One-foot Film Movement comes to an end

One-foot Film Movement comes to an end

In the evening on March 15, at the Yashio Rest House in Naha, Genpei Ishikawa (left), displayed the organization’s gratitude to their members and supporters by shaking their hands after the ceremony.


March 16, 2013 Ryukyu Shimpo

On March 15, the One-foot Film Movement, a non-profit organization made up of Okinawan locals who purchased footage filmed by the U.S. military during the Battle of Okinawa, ended its 30-year operations at a ceremony held at the Yashio Rest House in Naha. The organization started in 1983 as the Civil Movement to Provide Children With Lessons of the Battle of Okinawa. It purchased the footage (about 33.5 kilometers and 50 hours worth) from collectors in the United States using donations both from within Okinawa and further afield. Members of the organization brought the operation to a close commenting that many people had relived their experiences in the Battle of Okinawa through the footage that they had collected. Hiroaki Fukuchi, a representative of the organization, said, “I am sure that the younger generation will continue the One-foot Film Movement in some new form of peace movement.”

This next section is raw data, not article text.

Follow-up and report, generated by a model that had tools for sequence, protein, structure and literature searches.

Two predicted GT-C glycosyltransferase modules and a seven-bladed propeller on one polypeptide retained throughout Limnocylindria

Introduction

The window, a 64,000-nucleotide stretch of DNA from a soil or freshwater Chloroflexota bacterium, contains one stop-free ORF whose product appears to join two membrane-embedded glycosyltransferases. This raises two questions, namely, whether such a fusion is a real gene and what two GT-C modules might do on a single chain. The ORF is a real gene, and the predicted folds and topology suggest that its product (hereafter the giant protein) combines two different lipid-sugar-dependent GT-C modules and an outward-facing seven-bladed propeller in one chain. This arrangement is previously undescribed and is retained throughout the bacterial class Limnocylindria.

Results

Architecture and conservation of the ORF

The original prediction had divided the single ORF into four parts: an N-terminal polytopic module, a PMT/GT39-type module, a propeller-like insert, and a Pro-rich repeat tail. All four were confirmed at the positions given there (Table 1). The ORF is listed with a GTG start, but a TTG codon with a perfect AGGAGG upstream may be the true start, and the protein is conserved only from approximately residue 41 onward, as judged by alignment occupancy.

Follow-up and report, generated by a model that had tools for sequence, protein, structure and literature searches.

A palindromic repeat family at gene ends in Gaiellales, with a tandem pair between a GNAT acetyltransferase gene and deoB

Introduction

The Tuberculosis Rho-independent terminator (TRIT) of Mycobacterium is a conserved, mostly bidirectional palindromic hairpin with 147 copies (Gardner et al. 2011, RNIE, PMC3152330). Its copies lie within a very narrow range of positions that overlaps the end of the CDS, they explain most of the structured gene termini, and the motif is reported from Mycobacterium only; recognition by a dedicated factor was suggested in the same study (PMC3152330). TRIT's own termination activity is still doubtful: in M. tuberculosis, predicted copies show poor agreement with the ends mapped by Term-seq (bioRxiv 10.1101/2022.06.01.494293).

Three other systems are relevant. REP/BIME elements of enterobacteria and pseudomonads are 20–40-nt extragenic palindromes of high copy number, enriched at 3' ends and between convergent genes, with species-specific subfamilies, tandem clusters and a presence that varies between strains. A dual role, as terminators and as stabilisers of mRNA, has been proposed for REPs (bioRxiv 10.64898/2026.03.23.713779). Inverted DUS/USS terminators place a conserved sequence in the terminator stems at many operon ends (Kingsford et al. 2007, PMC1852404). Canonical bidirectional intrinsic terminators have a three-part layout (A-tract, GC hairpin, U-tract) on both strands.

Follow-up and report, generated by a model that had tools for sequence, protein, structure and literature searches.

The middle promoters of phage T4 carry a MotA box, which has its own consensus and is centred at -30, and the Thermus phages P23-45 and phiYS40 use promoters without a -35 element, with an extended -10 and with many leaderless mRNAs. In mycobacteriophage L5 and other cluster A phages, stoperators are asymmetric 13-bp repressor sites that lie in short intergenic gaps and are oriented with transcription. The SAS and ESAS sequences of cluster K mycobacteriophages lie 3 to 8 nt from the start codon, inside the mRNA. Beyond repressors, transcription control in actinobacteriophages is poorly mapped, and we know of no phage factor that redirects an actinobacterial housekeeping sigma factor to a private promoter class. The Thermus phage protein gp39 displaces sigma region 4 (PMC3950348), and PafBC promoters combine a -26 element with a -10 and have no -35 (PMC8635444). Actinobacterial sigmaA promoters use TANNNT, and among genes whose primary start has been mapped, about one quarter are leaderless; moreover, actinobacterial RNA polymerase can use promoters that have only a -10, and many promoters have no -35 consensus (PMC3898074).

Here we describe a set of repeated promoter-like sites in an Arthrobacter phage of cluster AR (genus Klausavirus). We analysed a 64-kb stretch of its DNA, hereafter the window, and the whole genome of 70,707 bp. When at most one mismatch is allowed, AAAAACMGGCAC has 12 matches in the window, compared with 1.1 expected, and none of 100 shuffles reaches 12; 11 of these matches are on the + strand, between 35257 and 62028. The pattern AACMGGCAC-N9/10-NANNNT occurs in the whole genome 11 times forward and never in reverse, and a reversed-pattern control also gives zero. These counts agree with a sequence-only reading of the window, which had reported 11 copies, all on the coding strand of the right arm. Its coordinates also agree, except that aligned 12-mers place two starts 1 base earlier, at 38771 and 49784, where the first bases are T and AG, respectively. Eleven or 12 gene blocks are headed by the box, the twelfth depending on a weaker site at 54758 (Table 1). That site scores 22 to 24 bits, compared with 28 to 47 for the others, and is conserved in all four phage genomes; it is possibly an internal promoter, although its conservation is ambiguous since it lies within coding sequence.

(English translation by T&CT, Mark Ealey)

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